But infection by a malicious ad could be just as bad; other browser exploit kits have infected Windows PCs with encrypting ransomware, which locks up some or all the data on a computer until the user pays several hundred dollars to free it.
Malvertising is an unsavory byproduct of the decentralized, lightning-fast online-ad ecosystem.
The malicious advertisement was distributed by an ad network placing ads on Po F.com, and used Google's URL shortener to redirect visitors to a series of websites that ended with the Nuclear browser exploit kit, which infects systems (mostly Windows PCs) through vulnerabilities in widely used browser plug-ins such as Adobe Flash Player, Silverlight, Adobe Reader and Java.
MORE: Best Antivirus Protection for PC, Mac and Android The security firm Malwarebytes brought this covert malware installation to light, but it has not been able to capture the payload of the attack.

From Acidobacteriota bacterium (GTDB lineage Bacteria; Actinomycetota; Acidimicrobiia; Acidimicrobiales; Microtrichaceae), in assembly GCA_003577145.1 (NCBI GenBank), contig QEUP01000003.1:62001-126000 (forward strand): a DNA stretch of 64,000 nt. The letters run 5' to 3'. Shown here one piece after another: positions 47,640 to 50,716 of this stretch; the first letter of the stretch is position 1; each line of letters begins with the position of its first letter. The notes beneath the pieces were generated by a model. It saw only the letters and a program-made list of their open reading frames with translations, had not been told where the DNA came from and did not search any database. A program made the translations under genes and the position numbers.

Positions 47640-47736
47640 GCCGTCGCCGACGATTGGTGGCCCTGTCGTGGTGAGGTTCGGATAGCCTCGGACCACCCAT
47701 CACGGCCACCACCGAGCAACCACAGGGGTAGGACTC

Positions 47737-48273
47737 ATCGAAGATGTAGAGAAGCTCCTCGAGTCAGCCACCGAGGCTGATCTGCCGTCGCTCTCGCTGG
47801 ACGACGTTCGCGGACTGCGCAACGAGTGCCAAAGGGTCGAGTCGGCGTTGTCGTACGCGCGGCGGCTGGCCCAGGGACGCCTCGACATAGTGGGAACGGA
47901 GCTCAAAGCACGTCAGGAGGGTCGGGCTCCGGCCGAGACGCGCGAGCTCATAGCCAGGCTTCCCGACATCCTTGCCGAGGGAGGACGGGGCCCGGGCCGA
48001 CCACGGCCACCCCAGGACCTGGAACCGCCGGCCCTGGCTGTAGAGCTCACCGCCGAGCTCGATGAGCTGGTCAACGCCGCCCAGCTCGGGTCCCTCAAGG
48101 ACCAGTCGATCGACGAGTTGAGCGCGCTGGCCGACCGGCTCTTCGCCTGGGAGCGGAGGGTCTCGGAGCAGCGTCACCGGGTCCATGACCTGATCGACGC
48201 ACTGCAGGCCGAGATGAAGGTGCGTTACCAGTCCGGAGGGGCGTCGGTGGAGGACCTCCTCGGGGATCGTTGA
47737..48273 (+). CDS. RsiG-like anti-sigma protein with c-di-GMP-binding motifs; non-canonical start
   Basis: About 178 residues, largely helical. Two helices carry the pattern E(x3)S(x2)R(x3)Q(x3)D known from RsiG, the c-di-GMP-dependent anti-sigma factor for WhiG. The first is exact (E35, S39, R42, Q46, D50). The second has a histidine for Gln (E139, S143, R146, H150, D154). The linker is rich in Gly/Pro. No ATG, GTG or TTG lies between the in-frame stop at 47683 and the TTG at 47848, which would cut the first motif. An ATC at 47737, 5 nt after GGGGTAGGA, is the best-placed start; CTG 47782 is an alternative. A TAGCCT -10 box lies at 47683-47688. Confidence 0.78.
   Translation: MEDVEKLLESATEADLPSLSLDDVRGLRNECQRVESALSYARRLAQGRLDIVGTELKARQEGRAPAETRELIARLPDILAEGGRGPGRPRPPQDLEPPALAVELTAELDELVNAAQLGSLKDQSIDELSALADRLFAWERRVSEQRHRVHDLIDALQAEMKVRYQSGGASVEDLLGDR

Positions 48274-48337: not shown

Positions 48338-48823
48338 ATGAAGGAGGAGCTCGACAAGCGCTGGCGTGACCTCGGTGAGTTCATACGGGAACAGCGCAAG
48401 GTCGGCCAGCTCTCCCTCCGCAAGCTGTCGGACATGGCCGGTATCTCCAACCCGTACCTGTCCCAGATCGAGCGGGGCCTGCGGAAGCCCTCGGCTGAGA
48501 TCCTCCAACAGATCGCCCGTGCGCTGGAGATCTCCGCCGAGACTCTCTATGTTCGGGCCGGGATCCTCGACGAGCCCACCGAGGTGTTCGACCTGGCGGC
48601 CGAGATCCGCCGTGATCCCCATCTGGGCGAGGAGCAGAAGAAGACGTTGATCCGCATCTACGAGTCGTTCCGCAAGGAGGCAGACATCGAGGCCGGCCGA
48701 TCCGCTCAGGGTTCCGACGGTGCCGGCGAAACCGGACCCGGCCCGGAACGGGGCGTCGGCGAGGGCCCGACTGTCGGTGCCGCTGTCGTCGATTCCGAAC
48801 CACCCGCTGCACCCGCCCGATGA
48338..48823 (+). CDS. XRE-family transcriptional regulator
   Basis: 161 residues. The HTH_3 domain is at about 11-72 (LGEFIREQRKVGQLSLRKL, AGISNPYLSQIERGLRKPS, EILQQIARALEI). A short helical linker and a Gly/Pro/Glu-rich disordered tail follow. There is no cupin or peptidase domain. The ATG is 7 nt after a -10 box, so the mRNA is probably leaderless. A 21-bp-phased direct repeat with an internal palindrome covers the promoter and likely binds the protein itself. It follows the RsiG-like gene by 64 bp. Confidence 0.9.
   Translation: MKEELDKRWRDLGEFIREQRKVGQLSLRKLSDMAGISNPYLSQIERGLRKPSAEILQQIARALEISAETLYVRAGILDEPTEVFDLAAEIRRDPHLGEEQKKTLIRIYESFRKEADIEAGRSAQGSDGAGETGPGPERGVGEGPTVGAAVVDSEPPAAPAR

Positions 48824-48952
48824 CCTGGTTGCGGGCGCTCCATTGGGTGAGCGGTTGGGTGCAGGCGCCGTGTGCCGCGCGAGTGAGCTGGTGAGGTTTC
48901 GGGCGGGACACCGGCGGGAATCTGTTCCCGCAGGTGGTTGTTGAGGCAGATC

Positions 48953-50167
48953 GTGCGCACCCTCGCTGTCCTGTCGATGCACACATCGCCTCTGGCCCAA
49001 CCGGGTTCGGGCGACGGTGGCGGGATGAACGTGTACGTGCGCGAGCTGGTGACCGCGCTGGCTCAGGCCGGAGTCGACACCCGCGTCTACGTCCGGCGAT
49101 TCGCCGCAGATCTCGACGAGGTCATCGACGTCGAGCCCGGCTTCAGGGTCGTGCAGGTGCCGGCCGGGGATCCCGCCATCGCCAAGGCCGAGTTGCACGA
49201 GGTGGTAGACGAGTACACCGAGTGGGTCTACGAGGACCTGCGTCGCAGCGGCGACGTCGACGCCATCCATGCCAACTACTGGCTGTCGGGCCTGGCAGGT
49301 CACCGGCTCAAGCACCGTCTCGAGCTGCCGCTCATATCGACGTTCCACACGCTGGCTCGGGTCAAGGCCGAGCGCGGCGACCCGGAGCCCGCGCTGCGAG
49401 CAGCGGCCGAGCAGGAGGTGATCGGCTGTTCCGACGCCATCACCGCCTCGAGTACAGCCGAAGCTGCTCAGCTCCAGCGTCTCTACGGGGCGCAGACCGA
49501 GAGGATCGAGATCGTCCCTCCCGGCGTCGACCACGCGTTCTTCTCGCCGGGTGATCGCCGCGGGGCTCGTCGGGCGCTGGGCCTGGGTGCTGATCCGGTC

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An ad that ran last week on the website of online matchmaking service Plenty of Fish (Po F.com) may have muddied the waters of the dating pool by dropping malware on users' computers.
Plenty of Fish claims to be the largest online dating site with more than 3 million daily active users; if any of those users did not have antivirus software installed, they are at risk of malware infection.
The parents were seeking compensatory and punitive damages.
In an August 2012 interview, Markus Frind stated that based on the millions of relationships and marriages Plenty Of Fish has created over the past several years, it is estimated that over one million babies have been born as a result of the website.